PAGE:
The Leah Fritz papers are organized into three series. The Personal Papers series contains Leah Fritz's correspondence and subject files. The Writings Series contains Fritz's notebooks and diaries as well as drafts, published articles, and papers related to the publication of Fritz's prose writings, poetry, and book and article reviews. The Audiotapes series contains audiocassettes of presentations and poetry readings by Fritz and other recordings.
The five leaf holograph manuscript with text on the front side of each numbered page consists of two poems both titled at the top and signed "Edith" at the bottom. Both poems, "Lullaby," and "Serenade: Any Man to Any Woman" appeared in her 1942 collection "Street Songs." In this manuscript, "Serenade" is titled "Any Man to Any Woman." Both were inspired by the early years of World War II and are ironically titled. "Lullaby," sung by a baboon, describes a chaotic, primeval world destroyed by wartime chaos and despair in which, "All is equal - blindness, sight/There is no depth, there is no height." "Serenade" spoken by a dying soldier, regards his love through the lens of death and destruction. He identifies his love with a cannon and invites her to "die with me and be my love" in a reversal of the famous Marlowe line.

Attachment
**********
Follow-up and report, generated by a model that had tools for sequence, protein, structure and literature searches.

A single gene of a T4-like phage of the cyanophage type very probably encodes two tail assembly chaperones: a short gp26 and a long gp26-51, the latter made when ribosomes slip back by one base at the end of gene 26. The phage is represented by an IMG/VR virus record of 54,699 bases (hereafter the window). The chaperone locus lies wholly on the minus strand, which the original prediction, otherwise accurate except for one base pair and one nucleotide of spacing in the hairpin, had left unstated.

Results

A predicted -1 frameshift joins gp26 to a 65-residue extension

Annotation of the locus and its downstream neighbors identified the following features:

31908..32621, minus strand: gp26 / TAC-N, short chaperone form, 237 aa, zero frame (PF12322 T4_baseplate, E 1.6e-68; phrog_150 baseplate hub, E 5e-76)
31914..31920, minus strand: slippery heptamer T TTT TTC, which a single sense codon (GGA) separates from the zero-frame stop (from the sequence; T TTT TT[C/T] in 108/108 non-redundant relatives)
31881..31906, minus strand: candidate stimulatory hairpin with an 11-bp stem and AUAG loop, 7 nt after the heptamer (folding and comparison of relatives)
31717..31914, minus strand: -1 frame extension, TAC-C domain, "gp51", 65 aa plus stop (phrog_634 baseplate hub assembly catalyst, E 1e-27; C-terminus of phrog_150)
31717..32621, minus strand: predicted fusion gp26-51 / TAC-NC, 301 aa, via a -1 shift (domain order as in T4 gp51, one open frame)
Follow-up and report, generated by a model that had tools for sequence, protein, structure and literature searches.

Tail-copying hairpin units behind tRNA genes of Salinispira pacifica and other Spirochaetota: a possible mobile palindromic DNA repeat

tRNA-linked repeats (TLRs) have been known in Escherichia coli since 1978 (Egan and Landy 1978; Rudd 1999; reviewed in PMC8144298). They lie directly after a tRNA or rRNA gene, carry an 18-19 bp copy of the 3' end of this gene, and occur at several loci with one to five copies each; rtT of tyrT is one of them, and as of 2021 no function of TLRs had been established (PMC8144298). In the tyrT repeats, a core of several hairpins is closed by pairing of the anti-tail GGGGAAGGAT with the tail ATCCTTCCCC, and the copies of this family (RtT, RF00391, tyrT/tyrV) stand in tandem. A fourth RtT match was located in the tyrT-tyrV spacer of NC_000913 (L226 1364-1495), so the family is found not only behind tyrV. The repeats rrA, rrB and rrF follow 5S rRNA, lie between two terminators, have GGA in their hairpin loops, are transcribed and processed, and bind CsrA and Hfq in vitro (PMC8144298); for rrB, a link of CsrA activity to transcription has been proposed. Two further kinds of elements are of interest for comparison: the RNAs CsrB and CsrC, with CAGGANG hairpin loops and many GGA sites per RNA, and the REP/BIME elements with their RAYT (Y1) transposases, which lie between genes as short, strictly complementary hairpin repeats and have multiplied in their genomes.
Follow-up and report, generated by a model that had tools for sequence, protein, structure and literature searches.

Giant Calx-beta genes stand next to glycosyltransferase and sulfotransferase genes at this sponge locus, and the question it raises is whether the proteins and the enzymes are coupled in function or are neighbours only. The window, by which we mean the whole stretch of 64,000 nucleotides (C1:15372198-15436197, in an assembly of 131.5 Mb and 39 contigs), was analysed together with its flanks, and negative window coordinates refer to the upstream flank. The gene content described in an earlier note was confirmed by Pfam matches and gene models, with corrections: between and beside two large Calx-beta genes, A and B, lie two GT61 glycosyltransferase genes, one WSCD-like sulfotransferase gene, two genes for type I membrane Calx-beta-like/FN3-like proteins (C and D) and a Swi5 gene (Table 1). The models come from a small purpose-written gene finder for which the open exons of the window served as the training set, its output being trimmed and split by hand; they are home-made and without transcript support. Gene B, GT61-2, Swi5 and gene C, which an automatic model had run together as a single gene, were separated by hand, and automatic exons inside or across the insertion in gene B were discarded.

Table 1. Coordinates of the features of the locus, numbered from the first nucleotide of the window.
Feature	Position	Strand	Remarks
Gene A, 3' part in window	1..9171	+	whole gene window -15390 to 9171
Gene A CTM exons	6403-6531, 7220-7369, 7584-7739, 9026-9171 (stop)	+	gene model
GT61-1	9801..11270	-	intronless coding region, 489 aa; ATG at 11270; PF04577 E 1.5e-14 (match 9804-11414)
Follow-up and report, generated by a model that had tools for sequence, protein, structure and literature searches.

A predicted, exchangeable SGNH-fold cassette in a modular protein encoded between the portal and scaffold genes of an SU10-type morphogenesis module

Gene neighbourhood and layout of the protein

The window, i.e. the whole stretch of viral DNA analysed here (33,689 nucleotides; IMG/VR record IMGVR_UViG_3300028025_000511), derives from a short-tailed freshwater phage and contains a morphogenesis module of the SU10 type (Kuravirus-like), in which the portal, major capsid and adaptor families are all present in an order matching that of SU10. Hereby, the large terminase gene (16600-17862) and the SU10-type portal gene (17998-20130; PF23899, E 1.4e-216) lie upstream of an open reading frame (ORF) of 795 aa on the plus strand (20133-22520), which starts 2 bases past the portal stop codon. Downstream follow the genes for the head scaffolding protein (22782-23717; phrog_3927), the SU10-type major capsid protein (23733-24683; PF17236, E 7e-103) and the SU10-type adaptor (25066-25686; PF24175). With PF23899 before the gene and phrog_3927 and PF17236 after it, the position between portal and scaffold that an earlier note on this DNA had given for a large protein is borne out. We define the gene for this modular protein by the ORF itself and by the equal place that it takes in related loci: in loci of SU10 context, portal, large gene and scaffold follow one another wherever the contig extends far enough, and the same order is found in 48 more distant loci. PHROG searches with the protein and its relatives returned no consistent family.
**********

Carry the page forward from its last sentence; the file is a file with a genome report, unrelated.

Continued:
Both poems are referenced in the Edith Sitwell papers at the Ransom Humanities Center. Viewed March 9, 2017
Source: Misko, Ellen, "A Study of Dame Edith Sitwell's Later Poems: 1940-1945" (1972). Dissertations. Paper 1211. Viewed March 9, 2017
The collection contains material documenting Mitchell's dissertation research on the Virginia politician David Campbell (1779-1859). Boxes 2-5 consist entirely of information on loose index cards. These materials also document Mitchell's research on the enslaved women who lived on Campbell's estate in Abington, VA. The collection also contains materials related to Mitchell's research on the Alabama physician Louise Branscomb. There are materials documenting Mitchell's professional activities and teaching career at what was then known as Troy State University. Mitchell's extensive service work in the Methodist Church at the local, regional, and national levels is also documented.